An unusual concert of Jewish songs took place in the former synagogue. It aroused great interest but due to sanitary requirements related to the corona virus pandemic, only about 40 people could participate in it. The songs were performed by the famous cantor, Symcha Keller, from Lublin. During the concert, we heard psalms and original Hasidic songs.
The next day, the second educational meeting took place at the Jewish cemetery in Kielce. The historian and editor, Dr. Marek Maciągowski talked about the history of the Kielce necropolis. The participants of the meeting learned about the symbolism of matzevahs gathered in the lapidarium.
Ecumenical God’s Word service, commemorating the Jews murdered in 1942, ended the several-day 78th anniversary of the extermination of the Kielce ghetto. The ecumenical service which took place on August 23, 2020 at the Ecumenical Temple pf Peace in Sienkiewicza Street in Kielce, was attended by clergy of the Świętokrzyskie Ecumenical Council and the Catholic Church. The service was presided over by the host of the temple, Pastor Wojciech Rutkowski from the Evangelical-Augsburg Church. It was attended by the clergy of the Catholic Church, the Polish-Catholic Church, the Church of Evangelical Faith, and the Church of Christians of Evangelical Faith.
The organizer, Bogdan Białek, president of the Jan Karski Society, recalled that although during the Holocaust Christian symbols were used by the Germans, after the war Christians worked for many years to repair the wrongs and the Catholic Church, in its declaration Nostra Aetate, called for brotherhood among peoples and opposed all forms of religious discrimination and persecution.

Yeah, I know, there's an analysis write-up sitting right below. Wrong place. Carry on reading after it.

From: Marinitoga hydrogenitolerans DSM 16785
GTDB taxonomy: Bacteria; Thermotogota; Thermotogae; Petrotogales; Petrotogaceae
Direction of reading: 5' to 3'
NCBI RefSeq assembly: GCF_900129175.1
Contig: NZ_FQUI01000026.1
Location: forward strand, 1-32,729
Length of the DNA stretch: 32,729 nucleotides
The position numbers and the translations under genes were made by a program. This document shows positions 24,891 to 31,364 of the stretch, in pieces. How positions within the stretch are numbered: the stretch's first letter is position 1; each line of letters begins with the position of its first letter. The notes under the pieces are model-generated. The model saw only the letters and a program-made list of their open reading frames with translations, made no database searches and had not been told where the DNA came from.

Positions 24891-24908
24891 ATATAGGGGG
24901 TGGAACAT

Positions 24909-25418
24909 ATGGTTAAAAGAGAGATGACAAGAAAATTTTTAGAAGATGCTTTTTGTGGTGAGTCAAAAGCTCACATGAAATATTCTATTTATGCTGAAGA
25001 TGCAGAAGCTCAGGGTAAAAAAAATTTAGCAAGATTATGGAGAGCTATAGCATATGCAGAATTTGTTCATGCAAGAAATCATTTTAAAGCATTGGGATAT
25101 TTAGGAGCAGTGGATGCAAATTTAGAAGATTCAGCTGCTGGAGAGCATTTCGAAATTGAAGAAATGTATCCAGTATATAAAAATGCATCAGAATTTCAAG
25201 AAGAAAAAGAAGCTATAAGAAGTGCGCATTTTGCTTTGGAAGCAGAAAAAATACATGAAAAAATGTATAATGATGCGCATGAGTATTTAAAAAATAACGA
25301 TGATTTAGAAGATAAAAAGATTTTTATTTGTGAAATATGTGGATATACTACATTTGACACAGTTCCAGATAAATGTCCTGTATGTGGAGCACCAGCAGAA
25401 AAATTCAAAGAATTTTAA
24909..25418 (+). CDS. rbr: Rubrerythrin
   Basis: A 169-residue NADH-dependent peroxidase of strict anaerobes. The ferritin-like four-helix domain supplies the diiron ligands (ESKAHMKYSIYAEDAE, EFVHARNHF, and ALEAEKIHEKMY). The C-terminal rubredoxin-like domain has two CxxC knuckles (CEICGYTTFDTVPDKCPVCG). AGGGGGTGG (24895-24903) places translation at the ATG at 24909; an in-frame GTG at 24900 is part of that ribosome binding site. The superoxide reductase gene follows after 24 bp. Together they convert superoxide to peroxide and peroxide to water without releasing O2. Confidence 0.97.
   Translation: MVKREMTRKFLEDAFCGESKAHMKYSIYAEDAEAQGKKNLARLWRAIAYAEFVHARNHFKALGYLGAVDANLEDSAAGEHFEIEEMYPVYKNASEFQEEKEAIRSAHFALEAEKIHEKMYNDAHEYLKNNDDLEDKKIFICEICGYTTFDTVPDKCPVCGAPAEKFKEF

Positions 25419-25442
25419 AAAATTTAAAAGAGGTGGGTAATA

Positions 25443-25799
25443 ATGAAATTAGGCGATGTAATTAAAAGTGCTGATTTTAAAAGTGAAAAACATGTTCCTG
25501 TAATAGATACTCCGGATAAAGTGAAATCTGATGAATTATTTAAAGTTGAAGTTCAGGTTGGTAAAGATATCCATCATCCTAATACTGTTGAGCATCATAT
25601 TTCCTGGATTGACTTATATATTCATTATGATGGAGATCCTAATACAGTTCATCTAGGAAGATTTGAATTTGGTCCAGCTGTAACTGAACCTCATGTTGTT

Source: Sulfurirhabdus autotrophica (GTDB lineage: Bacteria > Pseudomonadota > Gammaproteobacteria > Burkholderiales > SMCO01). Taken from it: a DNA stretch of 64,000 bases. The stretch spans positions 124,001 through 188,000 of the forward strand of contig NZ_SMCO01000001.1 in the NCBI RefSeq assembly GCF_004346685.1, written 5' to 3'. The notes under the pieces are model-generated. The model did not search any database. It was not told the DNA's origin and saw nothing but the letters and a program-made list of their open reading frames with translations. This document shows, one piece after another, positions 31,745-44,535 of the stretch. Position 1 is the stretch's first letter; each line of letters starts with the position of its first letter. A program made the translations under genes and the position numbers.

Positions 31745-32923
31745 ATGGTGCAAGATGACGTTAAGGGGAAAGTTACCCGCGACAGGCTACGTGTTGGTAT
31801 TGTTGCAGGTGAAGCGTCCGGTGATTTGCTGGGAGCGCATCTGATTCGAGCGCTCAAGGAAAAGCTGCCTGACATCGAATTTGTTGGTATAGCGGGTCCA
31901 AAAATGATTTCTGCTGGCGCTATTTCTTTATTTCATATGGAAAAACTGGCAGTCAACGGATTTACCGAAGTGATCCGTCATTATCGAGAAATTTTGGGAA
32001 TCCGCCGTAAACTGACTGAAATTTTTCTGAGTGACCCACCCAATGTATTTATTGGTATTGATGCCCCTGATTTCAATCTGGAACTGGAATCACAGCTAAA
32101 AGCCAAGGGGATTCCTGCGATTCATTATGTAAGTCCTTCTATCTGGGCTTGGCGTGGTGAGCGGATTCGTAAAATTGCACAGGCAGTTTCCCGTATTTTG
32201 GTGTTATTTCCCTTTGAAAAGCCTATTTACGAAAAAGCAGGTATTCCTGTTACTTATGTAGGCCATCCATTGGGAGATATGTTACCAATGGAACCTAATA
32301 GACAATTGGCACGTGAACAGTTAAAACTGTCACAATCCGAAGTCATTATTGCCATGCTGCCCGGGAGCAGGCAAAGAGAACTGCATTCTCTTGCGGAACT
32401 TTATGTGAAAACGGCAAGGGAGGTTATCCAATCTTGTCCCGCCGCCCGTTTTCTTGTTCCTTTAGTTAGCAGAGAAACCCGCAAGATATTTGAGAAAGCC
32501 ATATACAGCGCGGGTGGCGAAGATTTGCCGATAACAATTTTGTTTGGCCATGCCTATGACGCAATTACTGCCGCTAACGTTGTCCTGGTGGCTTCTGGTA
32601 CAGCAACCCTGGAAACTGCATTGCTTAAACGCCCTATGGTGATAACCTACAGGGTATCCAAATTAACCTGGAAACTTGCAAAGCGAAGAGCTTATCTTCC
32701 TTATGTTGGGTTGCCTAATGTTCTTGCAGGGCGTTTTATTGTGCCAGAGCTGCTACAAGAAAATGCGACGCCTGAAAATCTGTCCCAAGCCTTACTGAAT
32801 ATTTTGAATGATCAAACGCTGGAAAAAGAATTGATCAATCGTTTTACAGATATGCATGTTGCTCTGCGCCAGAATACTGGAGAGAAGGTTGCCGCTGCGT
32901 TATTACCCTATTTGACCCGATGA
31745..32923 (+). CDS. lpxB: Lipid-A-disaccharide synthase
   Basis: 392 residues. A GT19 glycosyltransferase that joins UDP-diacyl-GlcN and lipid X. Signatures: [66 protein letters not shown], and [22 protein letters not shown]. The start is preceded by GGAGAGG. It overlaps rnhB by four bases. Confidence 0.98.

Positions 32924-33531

The President pointed out that during the celebration of the International Day of Remembrance for Victims of Violence Based on Religion or Faith, Pope Francis on Twitter called for an end to the use of religion to arouse hatred, violence, extremism and blind fanaticism. He also stressed the importance of remembering the past when shaping the future.
“Today, we pray for the victims of one third of Kielce’s population before the war not because it was a historic event which happened 78 years ago but because these people are present in us all the time. They are present in their ashes, because they died of hunger or were murdered in the streets of our city”, said Bogdan Białek.
In his commentary to the liturgical readings and testimonies of people who survived the liquidation of the ghetto, Pastor Wojciech Rutkowski appealed to us to start drawing far-reaching conclusions from such terrible events that took place in Kielce in order to change the surrounding world for the better.
“We have the power. Each person convinced by us not to do evil around themselves is our little victory. This is a step to ensure that in our land, in our world, no one will have to experience and see such tragedies again’, emphasized the pastor.
During the service, the names of the murdered Jews and testimonies of people who survived the liquidation of the ghetto and the deportation organized by the Nazis were read out.